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‘Thanks Russia!’: Kurdish military chief welcomes Russian peacekeeping patrols

Talks between the top Russian military officials and the commander-in-chief of the so-called Syrian Democratic Forces (SDF) were held on Wednesday, via video link. Abdi discussed the ongoing developments in northeastern Syria with Shoigu and Russia’s Chief of General Staff Valery Gerasimov, expressing full support to the deployment of Russian military police and Syrian Army units into the region.

“Currently, units of the Russian military police and regular Syrian troops are being deployed into many locations. We are providing them with all kind of help and assistance,” Abdi said.

The SDF chief also expressed gratitude to Russia and President Vladimir Putin “for ensuring safety of the Kurdish people.” Abdi and Shoigu discussed the implementation of the deal reached by Putin and his Turkish counterpart Recep Tayyip Erdogan. Russia’s defense minister specifically stressed that there was no need for civilians to leave their homes and that their safety will be ensured.

On Tuesday, Putin and Erdogan held lengthy talks in Russia’s resort of Sochi, coming up with an agreement regarding northeast Syria. As a result of the deal, Turkish military incursion dubbed ‘Operation Peace Spring’ has effectively come to an end, while Syrian troops and Russian military police are set to deploy to much of the Syrian-Turkish border. Kurdish-led militias – which Ankara believes to have strong ties to the outlawed Kurdistan Workers’ Party (PKK) – are to be fully withdrawn from a 30-km strip along the border.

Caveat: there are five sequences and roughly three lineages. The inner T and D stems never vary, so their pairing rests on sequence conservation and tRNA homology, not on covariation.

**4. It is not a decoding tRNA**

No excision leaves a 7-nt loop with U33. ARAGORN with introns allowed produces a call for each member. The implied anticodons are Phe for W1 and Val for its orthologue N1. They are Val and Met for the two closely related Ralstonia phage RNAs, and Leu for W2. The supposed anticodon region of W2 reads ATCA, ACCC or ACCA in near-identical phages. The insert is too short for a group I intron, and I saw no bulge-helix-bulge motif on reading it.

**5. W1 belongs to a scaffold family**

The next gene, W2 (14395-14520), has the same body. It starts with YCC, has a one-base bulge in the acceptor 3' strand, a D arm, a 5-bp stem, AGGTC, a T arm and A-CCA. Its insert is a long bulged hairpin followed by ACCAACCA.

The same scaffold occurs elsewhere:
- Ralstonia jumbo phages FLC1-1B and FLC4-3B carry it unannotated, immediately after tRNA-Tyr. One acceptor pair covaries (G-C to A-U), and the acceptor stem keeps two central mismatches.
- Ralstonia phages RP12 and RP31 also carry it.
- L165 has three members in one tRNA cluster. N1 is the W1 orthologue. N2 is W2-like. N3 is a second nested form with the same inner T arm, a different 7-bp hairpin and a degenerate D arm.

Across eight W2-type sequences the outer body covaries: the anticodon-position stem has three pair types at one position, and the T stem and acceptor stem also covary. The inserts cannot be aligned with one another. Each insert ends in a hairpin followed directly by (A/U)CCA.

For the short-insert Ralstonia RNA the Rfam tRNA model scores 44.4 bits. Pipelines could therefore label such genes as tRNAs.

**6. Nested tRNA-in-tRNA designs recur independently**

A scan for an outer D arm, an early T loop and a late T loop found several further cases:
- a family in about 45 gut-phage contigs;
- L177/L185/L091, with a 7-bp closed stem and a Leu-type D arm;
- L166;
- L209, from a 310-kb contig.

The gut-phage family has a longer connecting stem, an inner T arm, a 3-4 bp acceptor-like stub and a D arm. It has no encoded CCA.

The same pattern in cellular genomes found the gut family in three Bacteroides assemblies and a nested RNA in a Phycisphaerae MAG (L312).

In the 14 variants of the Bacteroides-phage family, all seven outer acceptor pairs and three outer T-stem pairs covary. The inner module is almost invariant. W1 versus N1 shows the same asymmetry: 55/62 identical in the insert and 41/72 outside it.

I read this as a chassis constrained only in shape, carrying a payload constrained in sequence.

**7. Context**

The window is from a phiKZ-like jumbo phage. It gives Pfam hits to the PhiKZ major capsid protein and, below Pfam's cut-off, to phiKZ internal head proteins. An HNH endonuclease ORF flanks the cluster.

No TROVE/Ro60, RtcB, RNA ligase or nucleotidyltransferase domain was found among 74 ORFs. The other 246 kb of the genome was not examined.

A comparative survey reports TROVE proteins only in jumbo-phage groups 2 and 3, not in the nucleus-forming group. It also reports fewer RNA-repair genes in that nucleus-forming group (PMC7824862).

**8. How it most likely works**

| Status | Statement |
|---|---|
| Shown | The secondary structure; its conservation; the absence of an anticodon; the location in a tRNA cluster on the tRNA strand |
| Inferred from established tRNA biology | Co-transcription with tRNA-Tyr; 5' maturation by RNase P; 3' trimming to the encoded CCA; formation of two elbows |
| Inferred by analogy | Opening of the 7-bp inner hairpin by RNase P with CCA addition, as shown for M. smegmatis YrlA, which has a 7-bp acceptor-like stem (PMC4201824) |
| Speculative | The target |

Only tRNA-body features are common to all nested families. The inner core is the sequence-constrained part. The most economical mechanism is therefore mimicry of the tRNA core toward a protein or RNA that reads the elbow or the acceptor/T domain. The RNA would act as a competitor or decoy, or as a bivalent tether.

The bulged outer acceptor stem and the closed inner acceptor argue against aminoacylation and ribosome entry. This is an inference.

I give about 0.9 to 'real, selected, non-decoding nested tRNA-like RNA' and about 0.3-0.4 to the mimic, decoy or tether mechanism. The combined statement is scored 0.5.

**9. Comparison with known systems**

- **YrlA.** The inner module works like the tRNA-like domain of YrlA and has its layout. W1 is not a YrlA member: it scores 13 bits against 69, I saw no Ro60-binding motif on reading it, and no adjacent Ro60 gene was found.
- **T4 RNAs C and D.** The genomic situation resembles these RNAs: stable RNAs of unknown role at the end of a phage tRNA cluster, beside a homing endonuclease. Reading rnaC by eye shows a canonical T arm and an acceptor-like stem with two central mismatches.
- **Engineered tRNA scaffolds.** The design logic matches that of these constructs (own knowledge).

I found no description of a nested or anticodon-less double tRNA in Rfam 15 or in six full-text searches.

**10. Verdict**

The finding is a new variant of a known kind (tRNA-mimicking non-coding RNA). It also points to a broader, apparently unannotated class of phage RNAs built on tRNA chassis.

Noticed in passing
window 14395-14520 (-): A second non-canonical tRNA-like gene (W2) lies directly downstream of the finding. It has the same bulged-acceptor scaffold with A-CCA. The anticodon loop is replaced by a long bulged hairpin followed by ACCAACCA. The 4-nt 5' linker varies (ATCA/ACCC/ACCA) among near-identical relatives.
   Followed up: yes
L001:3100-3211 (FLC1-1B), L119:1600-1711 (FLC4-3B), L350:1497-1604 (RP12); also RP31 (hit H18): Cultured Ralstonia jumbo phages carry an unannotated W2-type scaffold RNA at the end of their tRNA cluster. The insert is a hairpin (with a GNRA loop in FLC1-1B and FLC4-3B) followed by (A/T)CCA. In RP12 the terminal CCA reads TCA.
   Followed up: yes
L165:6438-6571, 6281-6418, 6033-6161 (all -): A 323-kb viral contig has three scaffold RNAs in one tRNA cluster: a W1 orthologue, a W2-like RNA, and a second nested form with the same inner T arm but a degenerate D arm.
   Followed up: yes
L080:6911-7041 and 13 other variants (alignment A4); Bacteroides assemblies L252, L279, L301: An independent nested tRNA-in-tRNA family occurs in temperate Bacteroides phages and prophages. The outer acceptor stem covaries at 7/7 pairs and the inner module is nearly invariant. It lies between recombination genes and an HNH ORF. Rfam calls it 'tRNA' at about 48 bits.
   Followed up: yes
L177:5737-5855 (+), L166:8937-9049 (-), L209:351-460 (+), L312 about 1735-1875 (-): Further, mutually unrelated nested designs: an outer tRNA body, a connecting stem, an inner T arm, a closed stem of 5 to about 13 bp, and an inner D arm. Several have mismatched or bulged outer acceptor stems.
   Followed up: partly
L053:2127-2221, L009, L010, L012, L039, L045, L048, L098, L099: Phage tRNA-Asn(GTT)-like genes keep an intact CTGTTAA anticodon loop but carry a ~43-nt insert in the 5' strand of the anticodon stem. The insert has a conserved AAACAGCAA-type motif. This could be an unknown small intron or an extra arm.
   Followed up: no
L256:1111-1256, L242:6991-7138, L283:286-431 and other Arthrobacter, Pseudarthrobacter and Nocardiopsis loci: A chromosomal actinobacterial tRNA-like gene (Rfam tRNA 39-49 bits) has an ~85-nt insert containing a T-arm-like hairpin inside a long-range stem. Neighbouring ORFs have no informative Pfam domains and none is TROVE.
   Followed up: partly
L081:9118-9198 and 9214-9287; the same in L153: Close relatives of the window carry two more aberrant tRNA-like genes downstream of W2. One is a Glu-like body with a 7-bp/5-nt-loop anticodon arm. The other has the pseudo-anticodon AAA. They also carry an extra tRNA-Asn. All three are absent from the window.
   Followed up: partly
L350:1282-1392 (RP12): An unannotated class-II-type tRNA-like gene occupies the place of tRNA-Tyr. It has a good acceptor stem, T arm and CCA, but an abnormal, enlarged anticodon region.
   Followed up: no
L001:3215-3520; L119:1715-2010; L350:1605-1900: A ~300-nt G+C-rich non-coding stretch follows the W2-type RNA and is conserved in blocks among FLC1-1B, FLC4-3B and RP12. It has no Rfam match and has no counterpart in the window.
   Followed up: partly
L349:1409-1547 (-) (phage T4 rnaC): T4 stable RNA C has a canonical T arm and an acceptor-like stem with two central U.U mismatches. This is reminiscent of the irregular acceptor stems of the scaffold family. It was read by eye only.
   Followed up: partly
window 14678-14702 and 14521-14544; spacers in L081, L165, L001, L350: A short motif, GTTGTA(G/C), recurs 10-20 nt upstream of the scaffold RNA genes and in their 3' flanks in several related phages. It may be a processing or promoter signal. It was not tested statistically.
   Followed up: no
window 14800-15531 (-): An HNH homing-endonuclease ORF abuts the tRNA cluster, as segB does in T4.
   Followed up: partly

Header: A convoy of Russian military vehicles drives toward the northeastern Syrian city of Kobane on October 23, 2019. Photo: AFP

In Kobane, people want a guarantee they will be protected against the Syrian militias that are Turkey’s fighting force on the ground. “Those mercenaries are even more dangerous than ISIL,” said a kurd, using another name for ISIS.

Several reports have emerged of these militias brutally killing civilians and desecrating the bodies of killed Kurdish fighters.

Kobane’s population fled once, when ISIS took control. About 70 percent of the city was destroyed in the battle and rebuilding their houses and businesses has been slow work with little international support. They don’t want to have to abandon their homes again. “They did their best and worked hard to rebuild their houses. They do not want to leave but if there is genocide and ethnic cleansing they will leave.”